Obama ral­ly­ing cry goes from ‘Yes, We Can’ to ‘C’mon man’

Kuwait Times - - INTERNATIONAL -

Is “C’mon, man” Pres­i­dent Barack Obama’s new “Yes, We Can?” The pres­i­dent is de­ploy­ing the phrase “c’mon, man” to great - and some­times hu­mor­ous ef­fect in the midst of an ag­gres­sive burst of cam­paign­ing to help elect Demo­cratic pres­i­den­tial nom­i­nee Hil­lary Clin­ton on Tues­day. Those three lit­tle words are help­ing Obama con­vey what the White House says is his frus­tra­tion with Repub­li­can pres­i­den­tial nom­i­nee Don­ald Trump and GOP law­mak­ers in Congress.

And just as “Yes, We Can” be­came a ral­ly­ing cry dur­ing Obama’s pres­i­den­tial cam­paigns, so has “C’mon, man” be­come one dur­ing this cam­paign - Obama’s last one. In Fayetteville, North Carolina, on Fri­day, Obama railed against Trump back­ers who the pres­i­dent said make ex­cuses or jus­tify things the New York busi­ness­man has said that would be “com­pletely dis­qual­i­fy­ing” for an­other can­di­date.

“We hear peo­ple jus­ti­fy­ing it and mak­ing ex­cuses about it and say­ing, ‘Well, you know, he didn’t re­ally mean it,’ or ‘it’s lock­er­room talk,’ or ‘well, maybe he did mean it but as long as he sup­ports tax cuts for the rich’ or ‘as long as he sup­ports do­ing the things we want to do, it’s OK,’” Obama said. “C’mon man,” he added, ril­ing up the crowd. “We can’t be think­ing some­how that just be­cause he agrees with you on some pol­icy is­sue or just be­cause you’re frus­trated with gov­ern­ment that it’s OK to dis­play the kind of be­hav­ior he dis­plays.”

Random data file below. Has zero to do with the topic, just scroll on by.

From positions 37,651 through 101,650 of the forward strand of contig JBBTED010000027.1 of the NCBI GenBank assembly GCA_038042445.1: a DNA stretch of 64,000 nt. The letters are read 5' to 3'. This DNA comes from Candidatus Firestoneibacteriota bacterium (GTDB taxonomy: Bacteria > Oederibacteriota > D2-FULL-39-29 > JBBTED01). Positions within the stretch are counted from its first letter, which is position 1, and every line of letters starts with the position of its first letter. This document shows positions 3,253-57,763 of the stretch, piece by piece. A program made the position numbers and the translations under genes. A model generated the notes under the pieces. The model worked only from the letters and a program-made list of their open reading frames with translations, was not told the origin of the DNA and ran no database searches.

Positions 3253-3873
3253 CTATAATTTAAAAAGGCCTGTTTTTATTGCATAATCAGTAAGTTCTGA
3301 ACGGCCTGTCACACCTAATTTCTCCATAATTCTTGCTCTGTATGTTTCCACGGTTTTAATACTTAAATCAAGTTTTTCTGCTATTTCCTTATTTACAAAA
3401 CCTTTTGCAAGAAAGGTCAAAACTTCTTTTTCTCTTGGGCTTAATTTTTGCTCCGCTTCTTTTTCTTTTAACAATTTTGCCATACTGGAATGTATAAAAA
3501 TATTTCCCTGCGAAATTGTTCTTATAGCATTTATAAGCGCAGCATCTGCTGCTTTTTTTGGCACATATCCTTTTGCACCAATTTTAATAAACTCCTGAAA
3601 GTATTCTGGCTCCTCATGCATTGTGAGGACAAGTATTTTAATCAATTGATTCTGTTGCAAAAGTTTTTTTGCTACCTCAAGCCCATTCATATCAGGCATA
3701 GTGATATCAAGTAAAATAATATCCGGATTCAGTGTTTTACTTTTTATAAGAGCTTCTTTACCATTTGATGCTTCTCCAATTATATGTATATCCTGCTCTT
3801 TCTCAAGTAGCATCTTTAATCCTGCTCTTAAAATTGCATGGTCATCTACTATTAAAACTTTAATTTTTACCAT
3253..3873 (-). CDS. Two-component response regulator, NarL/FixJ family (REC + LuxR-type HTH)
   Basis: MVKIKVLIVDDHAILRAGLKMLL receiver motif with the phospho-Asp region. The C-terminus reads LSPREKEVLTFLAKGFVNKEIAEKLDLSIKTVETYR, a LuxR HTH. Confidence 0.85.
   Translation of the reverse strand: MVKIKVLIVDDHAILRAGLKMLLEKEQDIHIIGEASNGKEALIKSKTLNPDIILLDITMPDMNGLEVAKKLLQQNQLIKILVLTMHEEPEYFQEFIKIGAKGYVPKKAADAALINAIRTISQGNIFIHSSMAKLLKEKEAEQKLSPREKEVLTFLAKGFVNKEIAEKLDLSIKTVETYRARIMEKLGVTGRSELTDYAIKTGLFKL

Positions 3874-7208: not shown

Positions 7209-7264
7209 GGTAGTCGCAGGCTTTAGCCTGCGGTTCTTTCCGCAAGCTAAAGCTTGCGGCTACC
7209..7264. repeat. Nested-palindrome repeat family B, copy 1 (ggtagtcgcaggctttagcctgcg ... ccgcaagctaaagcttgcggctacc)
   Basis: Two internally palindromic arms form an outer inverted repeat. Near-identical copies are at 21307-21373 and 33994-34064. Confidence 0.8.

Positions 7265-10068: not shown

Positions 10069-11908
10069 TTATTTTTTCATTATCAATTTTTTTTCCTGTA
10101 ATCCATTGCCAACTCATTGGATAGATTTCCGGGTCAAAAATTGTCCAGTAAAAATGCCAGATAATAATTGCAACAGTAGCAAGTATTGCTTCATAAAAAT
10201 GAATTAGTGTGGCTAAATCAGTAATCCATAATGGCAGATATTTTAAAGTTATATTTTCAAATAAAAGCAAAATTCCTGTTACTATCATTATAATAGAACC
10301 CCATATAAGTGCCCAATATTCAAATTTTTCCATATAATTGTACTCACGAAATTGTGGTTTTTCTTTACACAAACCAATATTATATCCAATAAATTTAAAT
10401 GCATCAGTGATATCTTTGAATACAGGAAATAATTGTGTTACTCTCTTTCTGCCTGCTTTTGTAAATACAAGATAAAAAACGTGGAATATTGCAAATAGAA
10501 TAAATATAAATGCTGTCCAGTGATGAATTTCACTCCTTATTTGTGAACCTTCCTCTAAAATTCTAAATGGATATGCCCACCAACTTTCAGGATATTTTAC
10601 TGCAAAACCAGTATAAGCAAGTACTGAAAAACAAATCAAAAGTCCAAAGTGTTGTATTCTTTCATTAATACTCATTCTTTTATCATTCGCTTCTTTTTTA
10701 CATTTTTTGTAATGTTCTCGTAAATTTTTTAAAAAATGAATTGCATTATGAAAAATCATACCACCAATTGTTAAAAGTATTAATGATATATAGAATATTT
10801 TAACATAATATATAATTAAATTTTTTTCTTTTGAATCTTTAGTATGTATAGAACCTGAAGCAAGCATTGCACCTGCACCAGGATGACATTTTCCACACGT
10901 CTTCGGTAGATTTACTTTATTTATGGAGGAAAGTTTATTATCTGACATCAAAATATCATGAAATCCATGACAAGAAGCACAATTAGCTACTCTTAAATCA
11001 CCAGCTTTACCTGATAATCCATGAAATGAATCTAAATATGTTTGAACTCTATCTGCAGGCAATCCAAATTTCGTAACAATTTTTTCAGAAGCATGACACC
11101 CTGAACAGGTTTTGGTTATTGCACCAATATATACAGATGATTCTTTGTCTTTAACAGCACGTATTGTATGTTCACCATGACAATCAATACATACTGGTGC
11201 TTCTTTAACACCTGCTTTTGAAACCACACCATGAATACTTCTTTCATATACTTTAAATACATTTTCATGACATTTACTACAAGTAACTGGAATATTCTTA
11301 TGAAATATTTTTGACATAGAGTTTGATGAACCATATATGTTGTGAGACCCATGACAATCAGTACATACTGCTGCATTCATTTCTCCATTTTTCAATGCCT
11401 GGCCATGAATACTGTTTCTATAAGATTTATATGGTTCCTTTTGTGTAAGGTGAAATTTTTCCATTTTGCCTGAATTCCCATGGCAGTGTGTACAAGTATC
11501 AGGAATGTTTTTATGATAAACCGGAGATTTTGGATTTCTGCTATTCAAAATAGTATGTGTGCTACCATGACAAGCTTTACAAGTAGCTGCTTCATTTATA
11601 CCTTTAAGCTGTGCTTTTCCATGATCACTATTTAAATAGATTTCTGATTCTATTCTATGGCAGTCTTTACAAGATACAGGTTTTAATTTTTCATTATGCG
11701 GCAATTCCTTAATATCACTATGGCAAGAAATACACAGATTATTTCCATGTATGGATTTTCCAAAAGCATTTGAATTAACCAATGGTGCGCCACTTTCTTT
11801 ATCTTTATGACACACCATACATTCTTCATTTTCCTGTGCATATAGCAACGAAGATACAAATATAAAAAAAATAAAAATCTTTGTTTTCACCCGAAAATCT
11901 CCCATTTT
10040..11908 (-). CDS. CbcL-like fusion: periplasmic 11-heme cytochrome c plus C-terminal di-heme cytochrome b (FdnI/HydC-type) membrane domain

Ur­ban­dic­tionary.com says “c’mon, man” is what a per­son would say to some­one who says or does some­thing stupid. A day ear­lier in Mi­ami, Obama crit­i­cized Trump for be­ing so thin-skinned that he can’t take the rib­bing of a “Satur­day Night Live” skit. “This is a guy who, like, tweets they should can­cel ‘Satur­day Night Live’ - ‘I don’t like how Alec Bald­win is im­i­tat­ing me.’ Re­ally?” Obama said. “I mean, that’s the thing that both­ers you, and you want to be pres­i­dent of the United States? C’mon, man. C’mon,” as the au­di­ence ap­plauded its ap­proval.

Peo­ple at­tend­ing the get-out-the-vote ral­lies Obama has been head­lin­ing in key states this week for Clin­ton, his for­mer sec­re­tary of state, are notic­ing. In Mi­ami, an au­di­ence mem­ber didn’t miss the beat as Obama com­plained about Repub­li­can ob­struc­tion­ism. He said he some­times pro­poses GOP ideas to Repub­li­cans to get their re­ac­tion, which of­ten is that they can’t sup­port any­thing he’s for, even if the idea first came from a Repub­li­can. “C’mon, man!” the per­son yelled. To which Obama replied back, “C’mon, man!” Asked whether “C’mon, man” is Obama’s new, “Yes, We Can,” White House spokesman Eric Schultz said: “I think it’s trend­ing.”

The phrase is also the name of a reg­u­lar fea­ture on ESPN, one of Obama’s fa­vorite TV net­works. Schultz said it “sums up the frus­tra­tion that not only the pres­i­dent has, but that a lot of vot­ers have.” As an ex­am­ple, Schultz crit­i­cized some Repub­li­can se­na­tors for now pledg­ing to block any Supreme Court nom­i­nee Clin­ton would put for­ward, if she is elected. They blocked Obama’s pick for the high court this year on grounds that the next pres­i­dent - not one in his fi­nal months - should get to fill the va­cancy cre­ated by Jus­tice An­tonin Scalia’s death last Fe­bru­ary. — AP

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